That brings us to Lombardo v. St. Louis, Missouri, 20-391. The case involved an allegation of excessive police force made by Nicholas Gilbert’s parents, who died in police custody. Jody Lombardo and Bryan Gilbert argued that a reasonable jury might find that when an officer kneeling on Nicholas Gilbert put him in handcuffs and handcuffs, Put him face down on the ground and press on his back, until the force is too strong. He was suffocated. The U.S. Court of Appeals for the Eighth Circuit ruled that because Gilbert’s actions can be legally interpreted as “resistance”, the officers’ actions were not excessive force. This case has been lingering on the file for several months. It was originally scheduled to be deliberated at each court meeting from early December to late April, and it was rescheduled 13 times at the last minute, so the case was not really considered until the April 30 meeting.Although it is difficult to predict what will happen, as experience, repeat rearrange Yes often A kind prelude The judges put forward different opinions and opposed the court’s refusal to review. We will see the insights from Monday’s order list.

That’s all for this week. Stay safe!

New relist

Lombardo v. St. Louis, Missouri, 20-391
problem: Can a reasonable jury find out that the police officer put the man in handcuffs and shackles face down on the ground and pressed him on his back until he suffocated and used excessive force.
(Rescheduled on December 4, December 11, January 8, January 15, January 22, February 19, February 26, March 5, March 19, March 26, April 1, before the meeting on April 1 and April 23; re-listing after the meeting on April 30)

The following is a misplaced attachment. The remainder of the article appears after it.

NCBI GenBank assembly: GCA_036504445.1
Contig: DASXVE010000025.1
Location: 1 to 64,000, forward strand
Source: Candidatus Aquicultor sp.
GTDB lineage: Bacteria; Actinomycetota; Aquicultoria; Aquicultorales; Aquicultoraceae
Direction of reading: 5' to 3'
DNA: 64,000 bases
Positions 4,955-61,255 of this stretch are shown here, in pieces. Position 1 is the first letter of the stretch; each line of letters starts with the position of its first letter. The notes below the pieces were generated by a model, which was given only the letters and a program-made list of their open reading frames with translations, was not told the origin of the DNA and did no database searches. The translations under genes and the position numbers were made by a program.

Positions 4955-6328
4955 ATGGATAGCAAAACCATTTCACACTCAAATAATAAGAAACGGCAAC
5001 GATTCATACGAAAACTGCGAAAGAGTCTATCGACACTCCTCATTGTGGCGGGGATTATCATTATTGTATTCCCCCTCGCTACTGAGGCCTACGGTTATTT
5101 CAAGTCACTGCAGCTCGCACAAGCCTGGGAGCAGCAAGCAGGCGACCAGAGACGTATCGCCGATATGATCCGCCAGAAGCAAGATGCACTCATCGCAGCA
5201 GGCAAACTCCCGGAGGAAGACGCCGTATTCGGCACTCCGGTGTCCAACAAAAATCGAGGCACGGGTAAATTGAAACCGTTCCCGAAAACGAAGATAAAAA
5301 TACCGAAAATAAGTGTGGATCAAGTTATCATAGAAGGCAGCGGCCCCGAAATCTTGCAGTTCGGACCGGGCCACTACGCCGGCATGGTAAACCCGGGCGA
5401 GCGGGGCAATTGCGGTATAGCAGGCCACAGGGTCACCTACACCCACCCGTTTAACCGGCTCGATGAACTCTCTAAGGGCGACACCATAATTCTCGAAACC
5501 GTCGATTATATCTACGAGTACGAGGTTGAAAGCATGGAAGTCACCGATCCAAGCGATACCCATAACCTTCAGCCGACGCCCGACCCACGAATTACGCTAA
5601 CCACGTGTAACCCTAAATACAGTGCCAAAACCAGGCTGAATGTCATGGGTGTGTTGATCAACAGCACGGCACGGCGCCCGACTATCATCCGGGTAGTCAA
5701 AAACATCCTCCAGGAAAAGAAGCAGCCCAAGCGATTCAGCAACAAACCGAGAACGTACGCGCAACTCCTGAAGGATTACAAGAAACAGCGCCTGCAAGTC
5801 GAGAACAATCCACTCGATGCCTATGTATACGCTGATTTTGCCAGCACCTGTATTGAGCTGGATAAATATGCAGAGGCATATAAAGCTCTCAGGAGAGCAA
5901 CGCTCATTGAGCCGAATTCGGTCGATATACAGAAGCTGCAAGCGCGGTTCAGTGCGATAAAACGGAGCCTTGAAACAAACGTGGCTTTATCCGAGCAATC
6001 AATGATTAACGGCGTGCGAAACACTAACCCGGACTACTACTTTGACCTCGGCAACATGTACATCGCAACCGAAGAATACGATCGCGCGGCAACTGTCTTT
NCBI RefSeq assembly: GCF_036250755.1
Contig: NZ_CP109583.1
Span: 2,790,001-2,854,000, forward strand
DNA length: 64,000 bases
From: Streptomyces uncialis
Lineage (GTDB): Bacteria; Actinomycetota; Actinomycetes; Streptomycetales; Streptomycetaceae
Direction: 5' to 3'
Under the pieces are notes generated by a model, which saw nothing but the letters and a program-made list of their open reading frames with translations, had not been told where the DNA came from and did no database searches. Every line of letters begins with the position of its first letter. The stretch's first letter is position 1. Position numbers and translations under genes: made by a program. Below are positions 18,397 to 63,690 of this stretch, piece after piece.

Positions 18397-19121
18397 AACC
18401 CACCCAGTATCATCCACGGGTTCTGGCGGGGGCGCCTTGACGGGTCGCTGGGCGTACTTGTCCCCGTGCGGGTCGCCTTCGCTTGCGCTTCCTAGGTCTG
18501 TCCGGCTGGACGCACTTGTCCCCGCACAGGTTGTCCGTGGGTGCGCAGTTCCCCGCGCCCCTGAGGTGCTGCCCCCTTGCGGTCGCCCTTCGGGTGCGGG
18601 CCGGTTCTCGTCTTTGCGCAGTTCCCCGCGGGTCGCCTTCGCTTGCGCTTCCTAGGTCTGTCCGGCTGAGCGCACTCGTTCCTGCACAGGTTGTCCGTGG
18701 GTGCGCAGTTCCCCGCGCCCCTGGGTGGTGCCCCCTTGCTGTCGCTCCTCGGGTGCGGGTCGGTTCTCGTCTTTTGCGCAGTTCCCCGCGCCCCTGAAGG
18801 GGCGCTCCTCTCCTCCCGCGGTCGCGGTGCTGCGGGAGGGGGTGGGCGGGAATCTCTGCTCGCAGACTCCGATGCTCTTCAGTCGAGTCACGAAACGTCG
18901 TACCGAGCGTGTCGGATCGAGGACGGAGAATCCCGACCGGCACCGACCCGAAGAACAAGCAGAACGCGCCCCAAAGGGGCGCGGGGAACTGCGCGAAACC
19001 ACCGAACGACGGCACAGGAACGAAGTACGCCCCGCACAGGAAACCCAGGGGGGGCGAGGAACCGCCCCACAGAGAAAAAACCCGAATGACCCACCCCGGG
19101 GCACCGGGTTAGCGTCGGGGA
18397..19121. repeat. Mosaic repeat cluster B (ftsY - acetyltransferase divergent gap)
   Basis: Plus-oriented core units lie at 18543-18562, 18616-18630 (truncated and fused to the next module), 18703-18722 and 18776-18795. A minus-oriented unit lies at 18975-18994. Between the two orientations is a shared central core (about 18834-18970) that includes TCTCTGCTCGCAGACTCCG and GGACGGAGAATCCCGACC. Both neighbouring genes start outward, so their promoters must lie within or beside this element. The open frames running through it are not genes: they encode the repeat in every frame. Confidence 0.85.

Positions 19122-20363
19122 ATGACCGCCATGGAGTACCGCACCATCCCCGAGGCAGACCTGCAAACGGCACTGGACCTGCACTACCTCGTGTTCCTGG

Shinn v Ramirez, 20-1009
problem: Is the Supreme Court declaring the application of fairness rules Martinez v Ryan Present Anti-terrorism and effective death penalty lawThis allows the Federal Court to disregard evidence outside of the state court records when the prisoner or his attorney fails to diligently develop the factual basis of the claim in the state court, and when reviewing the case for personal relief, it does not apply to the case of the federal court. Review habeas corpus claims.
(Relisted after the meeting on April 30)

Badgerow v. Walters, 20-1143
problem: Does the Federal Court have subject jurisdiction to confirm or revoke the basis Section 9 with 10 The only basis for jurisdiction is that when the fundamental dispute involves federal issues, it shall comply with the provisions of the Federal Arbitration Act.
(Relisted after the meeting on April 30)

Back to list

Chipotle Mexican Grill v Scott, 20-257
problem: In accordance with the class action provisions of the Fair Labor Standards Act, when assessing whether employees are “in a similar position,” whether the district court will consider a single major legal issue or factors other than facts shared by the employee group.
(Re-listing after the meetings on December 4, December 11, January 8, January 15 and January 22) [NB: the parties have reached an agreement in principle to settle and the court now appears to be holding the case]

Dobbs v. Jackson Women’s Health Organization, 19-1392
problem: (1) Whether all bans on abortion during their lifetime violate the Constitution; (2) Whether the validity of the pre-survival laws that protect women’s health, the dignity of adult children, and the integrity of the medical profession and society should be analyzed based on the following content. Family Planning v. Casey“Excessive burden” standards or Holistic Women’s Health v. HelerstedtThe balance of benefits and burdens; (3) Whether the abortion provider has third-party qualifications to invalidate the law that protects women’s health from the hazards of post-abortion.